|Sunflowers (Helianthus annuus L.), a member of the aster family native to North America, were, and still are, cultivated for their oil and their edible seeds. Sunflowers today are very hardy and will grow well with full sun in most types of disturbed soils. Wild sunflowers thrive on cultivated ground, low meadows, prairies, and along roadsides and railroads. Their many small heads flower from July to September, the seeds ripening into October. Domesticated sunflowers have one or a few heads.
The earliest archaeological evidence for domesticated sunflowers in eastern North America comes from Tennessee where they are dated at 4900 year ago. Most researchers believe that sunflowers make a good case for a separate and independent origin of agriculture in eastern North America. The first domestication probably came about as the result of early peoples selecting and planting the largest seeds from wild plants— plants with the largest heads or seeds that remained on the head after the plant reached maturity. Eventually early gardeners gradually increased the seed size by 1,000 percent.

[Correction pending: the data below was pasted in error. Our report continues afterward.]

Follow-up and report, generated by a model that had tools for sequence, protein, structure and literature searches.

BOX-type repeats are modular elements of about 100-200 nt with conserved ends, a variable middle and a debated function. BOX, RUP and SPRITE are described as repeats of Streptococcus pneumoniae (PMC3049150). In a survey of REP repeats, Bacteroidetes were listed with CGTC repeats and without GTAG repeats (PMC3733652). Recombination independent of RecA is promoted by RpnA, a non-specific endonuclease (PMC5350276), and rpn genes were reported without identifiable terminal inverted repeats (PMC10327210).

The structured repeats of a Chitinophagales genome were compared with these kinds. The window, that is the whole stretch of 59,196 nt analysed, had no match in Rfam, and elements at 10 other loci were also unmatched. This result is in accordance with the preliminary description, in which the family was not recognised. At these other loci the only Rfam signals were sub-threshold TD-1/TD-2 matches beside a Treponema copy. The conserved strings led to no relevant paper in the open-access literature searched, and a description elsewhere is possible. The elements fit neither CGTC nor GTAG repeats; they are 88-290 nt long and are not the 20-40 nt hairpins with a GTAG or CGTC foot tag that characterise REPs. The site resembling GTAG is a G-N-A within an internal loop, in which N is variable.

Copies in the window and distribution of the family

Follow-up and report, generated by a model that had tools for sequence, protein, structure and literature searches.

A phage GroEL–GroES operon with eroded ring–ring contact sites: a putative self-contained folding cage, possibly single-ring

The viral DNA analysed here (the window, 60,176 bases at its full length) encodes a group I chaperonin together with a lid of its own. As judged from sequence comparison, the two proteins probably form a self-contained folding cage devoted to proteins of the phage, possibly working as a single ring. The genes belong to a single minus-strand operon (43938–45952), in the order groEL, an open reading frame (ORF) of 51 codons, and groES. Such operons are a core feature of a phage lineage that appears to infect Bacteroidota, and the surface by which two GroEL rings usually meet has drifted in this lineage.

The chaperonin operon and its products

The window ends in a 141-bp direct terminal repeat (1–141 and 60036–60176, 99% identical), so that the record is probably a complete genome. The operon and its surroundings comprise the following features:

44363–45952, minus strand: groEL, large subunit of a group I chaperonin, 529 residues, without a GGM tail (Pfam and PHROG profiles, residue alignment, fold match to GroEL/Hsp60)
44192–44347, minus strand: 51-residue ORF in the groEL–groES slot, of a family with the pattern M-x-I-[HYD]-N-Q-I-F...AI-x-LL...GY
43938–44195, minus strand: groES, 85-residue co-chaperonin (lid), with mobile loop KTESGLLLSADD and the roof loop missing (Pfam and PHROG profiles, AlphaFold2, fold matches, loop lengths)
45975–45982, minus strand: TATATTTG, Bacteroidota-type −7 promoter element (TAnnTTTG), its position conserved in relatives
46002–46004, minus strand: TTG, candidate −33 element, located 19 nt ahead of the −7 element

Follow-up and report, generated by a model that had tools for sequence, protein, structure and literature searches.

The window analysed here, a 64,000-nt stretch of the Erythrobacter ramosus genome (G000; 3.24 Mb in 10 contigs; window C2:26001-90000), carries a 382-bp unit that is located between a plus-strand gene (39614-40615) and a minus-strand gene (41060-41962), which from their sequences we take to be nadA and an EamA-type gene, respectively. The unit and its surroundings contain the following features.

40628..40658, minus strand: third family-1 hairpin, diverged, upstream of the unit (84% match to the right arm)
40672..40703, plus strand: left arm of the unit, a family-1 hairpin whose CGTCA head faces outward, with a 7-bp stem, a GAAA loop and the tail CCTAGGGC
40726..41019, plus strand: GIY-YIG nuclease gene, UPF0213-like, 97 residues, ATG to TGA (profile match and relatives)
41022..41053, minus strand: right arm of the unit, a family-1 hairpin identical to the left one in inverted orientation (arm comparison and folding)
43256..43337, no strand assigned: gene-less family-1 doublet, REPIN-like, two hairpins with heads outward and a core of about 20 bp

Sunflowers were cultivated in Iowa perhaps as early as 4000 year old when they appear in the Late Archaic occupation at the Sand Run West site in Louisa County. Thereafter, they occur commonly in Woodland through Late Prehistoric Great Oasis, Mill Creek, Glenwood, and Oneota sites.
In historic times, native peoples utilized all parts of the sunflower plant for food, medicine, ceremony, decoration, and utilitarian purposes. Seeds, high in fat, protein, and calories, were boiled to extract the oil and parched and ground to make a meal or flour. The stem of the plant was used to make animal snares, candles, and fire sticks.
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